Many U.S. states — including some that have done poorly on rankings of health measures for decades — have been reporting great success with keeping older residents independent in the past few years.

That performance showed up earlier this week in a new batch of disability prevalence statistics from the U.S. Census Bureau.

The bureau collected the statistics through the American Community Survey, a program that sends suvey questionnaires to 3 million U.S. households per year. One thing members of the public can do with the results is to use a research tools system to produce state disability statistics tables.

A user can look at the percentage of people in different age groups in each state who have any disabilities, multiple disabilities, specific types of disabilities, disabilities that interfere with self care, and disabilities that keep people from living independently.

For purposes of the American Community Survey, the Census Bureau defines someone who has “independent living difficulty” as someone who, “because of a physical, mental or emotional problem, [is] having difficulty doing errands alone, such as visiting a doctor’s office or shopping.”

Many people who have any “independent living difficulty” already need some informal long-term care (LTC) services from friends and family members, and are well on their way to having the kinds of “self-care difficulties” (such as problems with bathing and dressing) that may lead to an ongoing need for extensive home care, expensive assisted living facility care, or full-blown nursing home care.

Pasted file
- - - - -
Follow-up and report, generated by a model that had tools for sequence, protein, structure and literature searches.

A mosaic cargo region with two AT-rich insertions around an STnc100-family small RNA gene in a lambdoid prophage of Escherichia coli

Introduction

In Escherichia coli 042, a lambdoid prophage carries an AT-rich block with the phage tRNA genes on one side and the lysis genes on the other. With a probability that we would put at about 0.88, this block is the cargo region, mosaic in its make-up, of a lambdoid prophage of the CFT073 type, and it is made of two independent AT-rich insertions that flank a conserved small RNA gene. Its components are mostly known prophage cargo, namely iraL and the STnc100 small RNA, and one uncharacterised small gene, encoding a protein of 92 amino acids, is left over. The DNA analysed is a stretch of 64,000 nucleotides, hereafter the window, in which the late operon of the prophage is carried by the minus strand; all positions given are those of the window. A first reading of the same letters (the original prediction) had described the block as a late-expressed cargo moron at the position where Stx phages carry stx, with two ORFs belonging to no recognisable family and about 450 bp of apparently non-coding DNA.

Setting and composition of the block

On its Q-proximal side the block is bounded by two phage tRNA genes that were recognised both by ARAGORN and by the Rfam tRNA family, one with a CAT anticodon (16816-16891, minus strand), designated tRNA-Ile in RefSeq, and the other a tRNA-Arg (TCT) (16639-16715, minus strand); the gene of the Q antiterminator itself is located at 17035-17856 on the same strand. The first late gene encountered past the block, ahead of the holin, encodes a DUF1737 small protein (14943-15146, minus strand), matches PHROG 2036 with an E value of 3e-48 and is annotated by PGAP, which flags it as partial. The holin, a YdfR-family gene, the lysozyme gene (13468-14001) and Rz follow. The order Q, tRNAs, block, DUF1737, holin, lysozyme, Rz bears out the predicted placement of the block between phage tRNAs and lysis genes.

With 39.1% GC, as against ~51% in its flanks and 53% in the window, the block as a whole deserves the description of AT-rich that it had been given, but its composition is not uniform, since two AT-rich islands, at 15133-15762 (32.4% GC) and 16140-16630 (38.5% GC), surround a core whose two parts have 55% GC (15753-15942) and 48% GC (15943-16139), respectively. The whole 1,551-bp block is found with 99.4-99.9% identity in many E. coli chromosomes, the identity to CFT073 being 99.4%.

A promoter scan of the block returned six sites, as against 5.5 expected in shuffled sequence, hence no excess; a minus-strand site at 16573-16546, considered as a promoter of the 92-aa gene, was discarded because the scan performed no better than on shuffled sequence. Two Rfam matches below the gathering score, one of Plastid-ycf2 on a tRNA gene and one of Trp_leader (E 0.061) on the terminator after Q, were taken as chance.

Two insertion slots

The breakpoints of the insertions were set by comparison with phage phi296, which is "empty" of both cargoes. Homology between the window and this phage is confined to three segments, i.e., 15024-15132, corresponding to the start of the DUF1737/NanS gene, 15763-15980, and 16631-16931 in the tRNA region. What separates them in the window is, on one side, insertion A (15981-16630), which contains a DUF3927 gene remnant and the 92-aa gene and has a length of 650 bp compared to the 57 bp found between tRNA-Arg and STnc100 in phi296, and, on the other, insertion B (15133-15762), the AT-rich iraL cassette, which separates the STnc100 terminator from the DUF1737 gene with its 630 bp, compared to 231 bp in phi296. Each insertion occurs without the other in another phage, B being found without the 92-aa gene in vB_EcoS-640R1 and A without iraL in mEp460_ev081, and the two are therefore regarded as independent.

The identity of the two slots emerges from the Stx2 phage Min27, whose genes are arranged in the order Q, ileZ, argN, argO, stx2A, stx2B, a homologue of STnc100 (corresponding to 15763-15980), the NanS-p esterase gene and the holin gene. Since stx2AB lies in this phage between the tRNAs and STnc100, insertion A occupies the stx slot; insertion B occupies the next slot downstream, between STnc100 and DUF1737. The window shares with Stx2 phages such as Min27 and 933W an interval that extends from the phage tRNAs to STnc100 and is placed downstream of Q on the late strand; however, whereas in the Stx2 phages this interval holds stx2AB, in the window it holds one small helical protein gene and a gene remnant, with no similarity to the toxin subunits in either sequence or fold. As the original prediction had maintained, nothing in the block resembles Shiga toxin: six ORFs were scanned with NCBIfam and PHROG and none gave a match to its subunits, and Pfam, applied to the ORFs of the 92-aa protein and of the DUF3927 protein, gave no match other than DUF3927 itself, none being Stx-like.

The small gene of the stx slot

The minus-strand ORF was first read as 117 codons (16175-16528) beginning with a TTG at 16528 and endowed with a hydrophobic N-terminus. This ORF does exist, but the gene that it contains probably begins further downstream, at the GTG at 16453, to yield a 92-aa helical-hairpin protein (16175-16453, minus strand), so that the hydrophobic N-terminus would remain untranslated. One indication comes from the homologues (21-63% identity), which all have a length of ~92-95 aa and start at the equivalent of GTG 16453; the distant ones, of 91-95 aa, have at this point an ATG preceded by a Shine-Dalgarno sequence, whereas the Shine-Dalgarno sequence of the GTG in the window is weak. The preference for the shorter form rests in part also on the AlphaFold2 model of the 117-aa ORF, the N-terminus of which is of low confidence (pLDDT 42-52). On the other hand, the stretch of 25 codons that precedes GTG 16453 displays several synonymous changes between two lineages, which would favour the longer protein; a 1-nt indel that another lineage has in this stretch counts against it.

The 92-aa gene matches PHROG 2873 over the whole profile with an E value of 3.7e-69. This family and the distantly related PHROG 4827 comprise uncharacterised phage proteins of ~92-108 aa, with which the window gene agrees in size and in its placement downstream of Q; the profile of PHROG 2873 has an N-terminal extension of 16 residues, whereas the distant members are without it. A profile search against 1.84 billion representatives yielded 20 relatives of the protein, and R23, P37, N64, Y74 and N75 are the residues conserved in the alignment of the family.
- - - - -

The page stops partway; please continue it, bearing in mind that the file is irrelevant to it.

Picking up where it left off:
Private insurers that sell long-term care insurance (LTCI) and other disability- and LTC-related products in states with improving independent living statistics may find that the insureds in those states do better than expected and help hold down claims costs.

See also: Where are the high-income thin people?

Of course, changes in survey methods or other confounding figures may skew the numbers, but it could also be that the new survey numbers reflect real improvements in health services and support services, even in some states traditionally known for high infant mortality rates, high early-death rates among residents who survive infancy, and high disability rates.

But, in many states, there’s an interesting split: Independent living statistics deteriorated for residents ages 18 to 64 as they improved for residents ages 75 and older. That may reflect improvements in health care and life expectancy for children born with severe health problems, but it also could reflect lifestyle differences, or differences in the health care systems for people under 65 and people ages 65 and older.

For a list of the 10 states that showed the greatest improvement between 2008 and 2012, and a table showing the independent living disability prevalence percentages for residents ages 75 and older in all 50 states and the District of Columbia, read on. 

Minnesota

10. Minnesota

Independent living disability prevalence

Ages 18-64

2008: 2.5%

2012: 3%

Change, 2008-2012: +0.5 percentage points

Ages 75 and up

2008: 22.1%

2012: 19.6%

Change, 2008-2012: 2.5 percentage points

 

See also: Americans’ Health Improves Slightly: Study.

 

Nevada

9. Nevada

Independent living disability prevalence

Ages 18-64

2008: 2.8%

2012: 3.3%

Change, 2008-2012: +0.5 percentage points

Ages 75 and up

2008: 26.9%

2012: 24.3%

Change, 2008-2012: -2.6 percentage points

 

See also: The new retirement dream: Relocation.

 

 

Oklahoma

8. Oklahoma

Independent living disability prevalence

Ages 18-64

2008: 4.4%

2012: 4.5%

Change, 2008-2012: +0.1 percentage points

Ages 75 and up

2008: 27.7%

2012: 24.9%